Proudly perched in West Launceston, Birdhouse Studios by Gillian van der Schans offers a glimpse of Tasmania’s high-end-but-humble design
Gillian van der Schans is a veteran to the Tasmanian design industry. Born and raised in Tasmania, van der Schans had a short stint in Sydney to complete her studies but returned back to her island state where she knew she wanted to establish her career in architecture. Lecturing undergraduate architecture students at The University of Tasmania for eight years, van der Schans then went on to establish her own practice that she has maintained for the last two decades. Having created dozens of mostly residential projects for clients around the state, van der Schans’ love for Tasmania’s rough and rugged landscape has kept her on her toes – and she wouldn’t have it any other way.
Working with, and not against, Tasmania’s often turbulent terrain is the key to good design when working on Australia’s island state van der Schans explains.
“Nothing is more frightening to me than a flat grass site with no budget constraints. Give me a steeply sloping location with limited access and a tight budget and I feel challenged and inspired. Working with constraints is where I creatively thrive because I love to think about things differently and derive solutions that I know the client will love.”
“Tasmania’s remoteness also has its advantages. We have pristine coastlines and dramatic mountains landscapes – there is the full range of sites at our fingertips. This diversity means that every project is different and interesting for me. I feel lucky to be able to design on such beautiful sites. For a designer, Tasmania makes a fantastic location to live and work in,” says van der Schans.
One of her latest completed projects was Birdhouse Studios in West Launceston. And just as she would have it, access to the site was challenging and the budget limited. Set aside a steep hill next to an exposed quarry face and nature reserve, van der Schans explains she had her work cut out for her.
“Access into and excavation of the footings on the 28-degree sloped site proved to be difficult, but we were careful in our planning and material selection, so everything went smoothly. We chose 3mm Cor-ten steel sheet for the cladding due to the bushfire risk, the subfloor structure is steel to reduce the number of footings and most of these footings are chemically anchored onto the bedrock. The remainder of the building is timber frame, lightweight and easy to handle on the steep slope.”
“The site has a scenic protection overlay, designed to preserve vegetation on the skyline when viewed from the city below. The two one-bedroom studios are perched between mature eucalypts and are designed to blend in with the environment.”
Selecting a range of materials for the interiors of the petite studios (50 and 42 sqm), van der Schans kept with a natural pallet that reflected the natural landscape of the surrounding area – including Tasmanian Oak. Selecting Classic grade Tasmanian Oak for its high feature and variability, van der Schans says the Tasmanian timber was chosen for a range of other reasons.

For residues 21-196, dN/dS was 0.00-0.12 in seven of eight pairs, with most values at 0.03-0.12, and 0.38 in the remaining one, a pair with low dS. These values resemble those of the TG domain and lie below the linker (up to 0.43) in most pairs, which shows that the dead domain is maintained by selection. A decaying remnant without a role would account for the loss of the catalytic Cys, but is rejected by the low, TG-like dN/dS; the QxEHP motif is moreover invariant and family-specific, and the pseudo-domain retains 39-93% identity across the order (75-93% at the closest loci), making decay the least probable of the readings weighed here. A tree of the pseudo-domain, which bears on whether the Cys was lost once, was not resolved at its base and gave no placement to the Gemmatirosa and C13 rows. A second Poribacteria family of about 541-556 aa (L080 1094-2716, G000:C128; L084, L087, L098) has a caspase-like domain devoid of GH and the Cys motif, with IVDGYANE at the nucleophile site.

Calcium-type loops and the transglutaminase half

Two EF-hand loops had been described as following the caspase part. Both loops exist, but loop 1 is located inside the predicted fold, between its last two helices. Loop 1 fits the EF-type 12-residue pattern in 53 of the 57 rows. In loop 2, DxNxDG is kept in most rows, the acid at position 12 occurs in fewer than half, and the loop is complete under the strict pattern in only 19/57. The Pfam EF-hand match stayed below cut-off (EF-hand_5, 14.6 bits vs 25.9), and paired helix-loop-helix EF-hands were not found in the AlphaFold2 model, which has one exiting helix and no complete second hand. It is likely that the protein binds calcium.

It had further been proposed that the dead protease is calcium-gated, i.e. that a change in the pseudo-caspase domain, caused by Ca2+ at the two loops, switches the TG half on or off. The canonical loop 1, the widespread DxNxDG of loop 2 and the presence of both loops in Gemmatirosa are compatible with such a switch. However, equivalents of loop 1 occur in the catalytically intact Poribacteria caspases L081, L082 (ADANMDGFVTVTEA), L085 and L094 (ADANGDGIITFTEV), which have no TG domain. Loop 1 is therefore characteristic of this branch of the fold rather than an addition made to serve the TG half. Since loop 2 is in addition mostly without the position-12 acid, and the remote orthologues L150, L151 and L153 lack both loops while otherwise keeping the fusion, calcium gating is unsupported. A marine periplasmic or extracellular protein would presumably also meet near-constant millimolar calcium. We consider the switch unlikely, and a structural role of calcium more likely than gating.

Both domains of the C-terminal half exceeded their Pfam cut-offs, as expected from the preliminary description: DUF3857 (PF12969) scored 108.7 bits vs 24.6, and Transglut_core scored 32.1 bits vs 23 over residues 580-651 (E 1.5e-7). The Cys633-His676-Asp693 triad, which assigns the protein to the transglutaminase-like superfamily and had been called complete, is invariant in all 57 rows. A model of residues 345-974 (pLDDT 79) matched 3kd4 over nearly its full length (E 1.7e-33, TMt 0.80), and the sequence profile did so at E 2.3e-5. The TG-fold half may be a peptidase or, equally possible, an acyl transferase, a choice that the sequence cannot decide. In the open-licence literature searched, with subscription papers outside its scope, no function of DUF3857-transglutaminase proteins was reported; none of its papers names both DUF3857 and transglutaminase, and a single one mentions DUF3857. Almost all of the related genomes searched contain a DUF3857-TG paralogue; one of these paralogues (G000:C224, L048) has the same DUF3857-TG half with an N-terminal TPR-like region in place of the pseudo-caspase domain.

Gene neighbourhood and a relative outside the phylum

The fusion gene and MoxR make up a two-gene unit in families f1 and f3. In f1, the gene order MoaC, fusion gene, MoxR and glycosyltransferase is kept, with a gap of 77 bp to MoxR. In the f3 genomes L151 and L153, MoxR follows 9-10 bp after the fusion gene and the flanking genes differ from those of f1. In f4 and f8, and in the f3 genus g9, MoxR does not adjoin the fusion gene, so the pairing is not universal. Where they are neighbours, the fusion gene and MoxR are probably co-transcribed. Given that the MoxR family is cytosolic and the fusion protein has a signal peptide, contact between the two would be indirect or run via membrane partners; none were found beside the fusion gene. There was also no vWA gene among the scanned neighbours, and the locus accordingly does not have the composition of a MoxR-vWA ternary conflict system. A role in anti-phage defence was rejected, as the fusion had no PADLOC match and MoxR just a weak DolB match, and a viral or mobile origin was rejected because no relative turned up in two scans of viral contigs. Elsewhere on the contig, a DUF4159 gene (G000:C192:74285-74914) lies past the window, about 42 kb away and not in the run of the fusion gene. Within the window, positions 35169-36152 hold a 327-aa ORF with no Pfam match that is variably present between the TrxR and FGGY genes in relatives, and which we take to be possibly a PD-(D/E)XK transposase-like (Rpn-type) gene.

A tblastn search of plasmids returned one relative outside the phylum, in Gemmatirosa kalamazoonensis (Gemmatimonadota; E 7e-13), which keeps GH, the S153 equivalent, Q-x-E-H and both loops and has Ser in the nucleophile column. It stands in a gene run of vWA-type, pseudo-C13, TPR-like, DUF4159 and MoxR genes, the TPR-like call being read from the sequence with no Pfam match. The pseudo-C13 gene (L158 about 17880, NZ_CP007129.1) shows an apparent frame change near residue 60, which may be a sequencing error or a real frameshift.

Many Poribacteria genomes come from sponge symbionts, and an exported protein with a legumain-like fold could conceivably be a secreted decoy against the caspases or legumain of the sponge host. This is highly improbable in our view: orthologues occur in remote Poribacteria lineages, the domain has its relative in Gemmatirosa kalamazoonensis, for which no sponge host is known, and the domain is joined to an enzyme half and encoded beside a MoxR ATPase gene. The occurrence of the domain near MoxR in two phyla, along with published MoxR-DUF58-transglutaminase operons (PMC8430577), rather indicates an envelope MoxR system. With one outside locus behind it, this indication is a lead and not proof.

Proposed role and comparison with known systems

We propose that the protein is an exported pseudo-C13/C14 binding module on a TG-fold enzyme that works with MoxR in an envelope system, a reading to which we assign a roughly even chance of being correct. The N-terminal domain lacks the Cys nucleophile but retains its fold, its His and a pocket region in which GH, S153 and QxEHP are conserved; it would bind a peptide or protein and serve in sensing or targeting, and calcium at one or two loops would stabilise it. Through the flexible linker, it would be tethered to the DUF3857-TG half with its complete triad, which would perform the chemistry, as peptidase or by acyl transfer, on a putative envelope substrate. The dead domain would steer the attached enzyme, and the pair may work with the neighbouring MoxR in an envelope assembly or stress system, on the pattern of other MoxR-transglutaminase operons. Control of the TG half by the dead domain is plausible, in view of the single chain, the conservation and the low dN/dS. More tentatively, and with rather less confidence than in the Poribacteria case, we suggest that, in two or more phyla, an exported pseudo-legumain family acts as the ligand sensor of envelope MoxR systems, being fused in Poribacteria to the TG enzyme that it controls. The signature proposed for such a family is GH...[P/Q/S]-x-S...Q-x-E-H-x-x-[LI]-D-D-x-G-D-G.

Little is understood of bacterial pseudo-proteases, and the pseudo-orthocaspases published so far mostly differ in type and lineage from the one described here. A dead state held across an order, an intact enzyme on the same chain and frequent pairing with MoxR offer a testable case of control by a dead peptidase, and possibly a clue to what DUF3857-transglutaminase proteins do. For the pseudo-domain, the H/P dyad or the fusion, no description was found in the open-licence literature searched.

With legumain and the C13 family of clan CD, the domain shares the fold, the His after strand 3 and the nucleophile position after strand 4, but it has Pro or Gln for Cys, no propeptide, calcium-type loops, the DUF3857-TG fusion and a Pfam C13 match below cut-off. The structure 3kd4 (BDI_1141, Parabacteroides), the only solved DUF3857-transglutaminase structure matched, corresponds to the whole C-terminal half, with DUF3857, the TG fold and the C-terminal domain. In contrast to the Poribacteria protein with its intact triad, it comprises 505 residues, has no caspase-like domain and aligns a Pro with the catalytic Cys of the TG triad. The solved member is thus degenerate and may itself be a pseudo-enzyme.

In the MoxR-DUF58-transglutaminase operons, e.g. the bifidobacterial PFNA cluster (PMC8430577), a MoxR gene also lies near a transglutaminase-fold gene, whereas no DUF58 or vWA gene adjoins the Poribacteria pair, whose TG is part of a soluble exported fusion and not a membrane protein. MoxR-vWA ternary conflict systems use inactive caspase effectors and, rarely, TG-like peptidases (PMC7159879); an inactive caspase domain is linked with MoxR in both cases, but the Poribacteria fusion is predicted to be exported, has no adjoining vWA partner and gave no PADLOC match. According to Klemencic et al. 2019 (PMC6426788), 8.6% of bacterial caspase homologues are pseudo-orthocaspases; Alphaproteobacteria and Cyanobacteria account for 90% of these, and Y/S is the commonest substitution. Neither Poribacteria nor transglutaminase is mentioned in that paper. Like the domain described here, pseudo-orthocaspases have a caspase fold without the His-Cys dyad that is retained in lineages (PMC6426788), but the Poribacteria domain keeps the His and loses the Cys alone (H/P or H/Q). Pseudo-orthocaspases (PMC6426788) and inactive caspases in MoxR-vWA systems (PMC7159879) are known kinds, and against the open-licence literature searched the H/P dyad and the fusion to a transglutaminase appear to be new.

“We chose Classic grade Tasmanian Oak for the wall linings, some cabinetry and exposed timber beams in the studios and paired it with cork, double glazed windows and cor-ten steel. Lining the studios in Tasmanian Oak wasn’t only an aesthetic choice, it is also a durable material and a great insulator.”
“I’ve been using Tasmanian Oak throughout my career. It’s been amusing watching Classic or ‘utility’ grade Tas Oak rise in popularity, as it was once thought of as a low-grade building material, but I’ve always favoured high feature timber for its warmth and character – it’s what makes it unique.”
The advantages of local timber
With her familiarity and fondness for Tasmanian Oak, van der Schans says the advantages to using the product are plenty.
“There are so many positives to using a local product like Tasmanian Oak. It comes from a place with a tied connection, it’s a Tasmanian product in the Tasmanian built environment.
“Choosing Tasmanian timber also means you’re supporting local saw millers, the community and an entire industry. The cost of transport is low, it’s sustainable and the variety of products appearing, such as beautiful and interesting timber veneers, has been exciting. It’s great to see this shift in using materials that gets the most out of a resource.”
Close relationships key to success
With some exciting projects spread across the state under way, van der Schans says her approach to each design stems from her relationship with the client.
“I occasionally recruit help but for the most part, it’s just me working from the beginning to the end with a client. I get to know each client really well, listen to their stories and uncover their passions and interests which has resulted in a lot of repeat business over the years and has also allowed me to create close working relationships with builders and tradespeople.
“The clients I have met over the years make a conscious decision to live in this wild environment. I think Tasmania attracts a certain kind of person who is quite open minded in their design philosophy which in turn results in an interesting project brief. There is great inspiration that can be drawn from being resourceful and from the limitations and the opportunities of working in Tasmania.”